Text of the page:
?The Interior Department last week released a report showing lead poisoning to be a growing cause of death of bald eagles, an endangered species. The birds are poisoned when they prey on waterfowl that have swallowed or been shot with a hunter's lead pellets. The report, based on a study of eagle mortality between 1963 and 1984, indicated that the percentage of bald eagle deaths attributable to lead poisoning had risen from 6.2 in 1980 to 15.2 last year. Interior has called for the banning of lead shot in eight states where eagle poisoning has been a problem, urging hunters to use nontoxic steel shot, but only Iowa, Kansas and South Dakota have complied. In issuing the new report the department threatened to prohibit hunting in the fall of 1986 in parts of Illinois, Missouri, Oklahoma, California and Oregon unless those states also ban lead shot.
?When long-dry Rush Creek in California's Mono County, 350 miles north of Los Angeles, suddenly sprang to life in 1983, no one could have foreseen that L.A.'s water rights would be threatened. But that's what happened. L.A.'s far-reaching Department of Water and Power sought to cut off Rush Creek's flow, but California Trout, a fishermen's group, got a temporary restraining order in Mono County Superior Court to prevent it, arguing in court that dam owners are required by state law to release sufficient water to preserve fish below any dam (SCORECARD, Feb. 4, 1985). The state attorney general filed an amicus brief backing most of Cal Trout's contentions, and after a daylong hearing last week Judge David Otis told SI's Robert Sullivan he would probably decide within a month whether the case will go to trial.
?The Quebec Department of Recreation, Fish and Game has found that last autumn's drowning of 10,000 migrating caribou in the Caniapiscau River (SI, Oct. 15, 1984) was a "natural catastrophe," thus clearing Hydro-Quebec of responsibility. Some of northern Quebec's Inuit natives dispute the finding, saying that under normal conditions no more than 500 caribou perish while crossing the river and that this was the first year water was being spilled by Hydro-Quebec's new dam 275 miles upstream from Limestone Falls. The Inuit think it's no coincidence that Hydro-Quebec is owned by the provincial government, which conducted the investigation.
?An international conference this week at the University of Minnesota coordinated by the Acid Rain Foundation of St. Paul will hear new scientific evidence linking air pollutants to the decline of forests. The findings follow recent studies indicating that lakes in the Rockies, as well as those already identified in the Appalachians, are threatened with acidification and that the West is experiencing more acid precipitation than previously realized (SI, Sept. 21, 1981, et seq.). A separate study by Dr. Hubert Vogelmann of the University of Vermont shows a 41% drop in the tonnage of living trees at high elevation on a research site in that state. This spring the Reagan Administration reaffirmed that it wouldn't propose any new funds to fight acid rain.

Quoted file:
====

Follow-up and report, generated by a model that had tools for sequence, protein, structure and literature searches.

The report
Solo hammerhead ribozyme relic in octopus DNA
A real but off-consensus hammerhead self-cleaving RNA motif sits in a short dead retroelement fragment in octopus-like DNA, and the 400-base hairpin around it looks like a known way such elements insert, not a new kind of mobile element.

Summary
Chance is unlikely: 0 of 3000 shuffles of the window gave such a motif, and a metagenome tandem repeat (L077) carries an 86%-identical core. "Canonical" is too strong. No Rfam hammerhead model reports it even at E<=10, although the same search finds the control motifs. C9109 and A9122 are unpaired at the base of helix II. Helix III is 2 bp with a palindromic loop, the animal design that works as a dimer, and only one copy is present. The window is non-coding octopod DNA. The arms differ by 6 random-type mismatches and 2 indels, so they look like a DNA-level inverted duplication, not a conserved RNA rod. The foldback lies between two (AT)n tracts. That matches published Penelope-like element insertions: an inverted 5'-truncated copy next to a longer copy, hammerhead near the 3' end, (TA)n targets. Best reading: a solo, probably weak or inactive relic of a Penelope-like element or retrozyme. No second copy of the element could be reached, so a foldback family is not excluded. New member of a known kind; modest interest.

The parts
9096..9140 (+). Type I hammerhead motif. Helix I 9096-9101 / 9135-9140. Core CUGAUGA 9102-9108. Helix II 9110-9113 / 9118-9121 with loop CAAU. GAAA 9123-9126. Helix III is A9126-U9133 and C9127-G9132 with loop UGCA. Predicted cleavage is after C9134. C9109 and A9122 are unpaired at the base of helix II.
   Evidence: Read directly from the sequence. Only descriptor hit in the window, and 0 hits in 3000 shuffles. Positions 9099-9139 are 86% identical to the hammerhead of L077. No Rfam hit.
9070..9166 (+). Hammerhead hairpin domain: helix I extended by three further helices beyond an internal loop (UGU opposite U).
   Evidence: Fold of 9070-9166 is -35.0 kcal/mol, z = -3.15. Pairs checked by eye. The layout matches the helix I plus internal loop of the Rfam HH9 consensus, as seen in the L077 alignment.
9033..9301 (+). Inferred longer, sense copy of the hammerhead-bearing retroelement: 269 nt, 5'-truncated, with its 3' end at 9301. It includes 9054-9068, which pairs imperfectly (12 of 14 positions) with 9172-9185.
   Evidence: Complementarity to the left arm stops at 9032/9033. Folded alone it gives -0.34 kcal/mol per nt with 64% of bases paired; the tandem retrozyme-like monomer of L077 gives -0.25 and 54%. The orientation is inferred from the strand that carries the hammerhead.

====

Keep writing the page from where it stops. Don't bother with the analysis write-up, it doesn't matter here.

The Kentucky Derby's Run for the Roses inspires a number of coattail events in Louisville, none stranger than the Run for the Rodents at Spalding University. This year's 13th renewal of the race was sponsored by Sister Julia Clare Fontaine, head of the biology department at the small Catholic college. It attracted a field of 10 black and white laboratory rats, who ran on a 17-foot oval course in the school's parking lot. A pointy-nosed sprinter named Jumpin' Julep leaped over the leader, Kentucky Wild Rat, in the stretch to win by a whisker. The dirty rat's 3.2-second finish was 1.4 seconds off the course record.
Jumpin' Julep should look forward to a comfortable life at stud, considering his classic bloodlines. He's the great-grandson of Bob Sled, last year's winner, and the great-great-great-great grandson of Palace Princess, who scurried to victory in '83. We're sure he'll be happy to get out of the rat race.
BULLY FOR JORDAN
Even at a salary of $550,000, Chicago Bulls rookie Michael Jordan is a bargain. With Jordan on hand, the Bulls' average home attendance in 1984-85 was 87% higher than the year before, and the ticket sales went from about $2 million to $3.8 million. Tack on another $190,000 from the team's four-game playoff loss to Milwaukee (the Jordan-less Bulls didn't make the playoffs last season), and you can figure that Jordan's arrival has brought Chicago $2 million in additional revenues. This 350% return on investment would be Bullish in any league.
THE MAPLE LEAF RAG
The Toronto Star commemorated the Maple Leafs' dismal NHL showing by inviting readers to participate in a "cruel jokes" contest. The winning joke was the one about the team's rookie goalie, Ken Wregget, who was said to be so depressed after yet another one-sided Leaf loss that he jumped in front of the team bus...only to have it roll between his legs.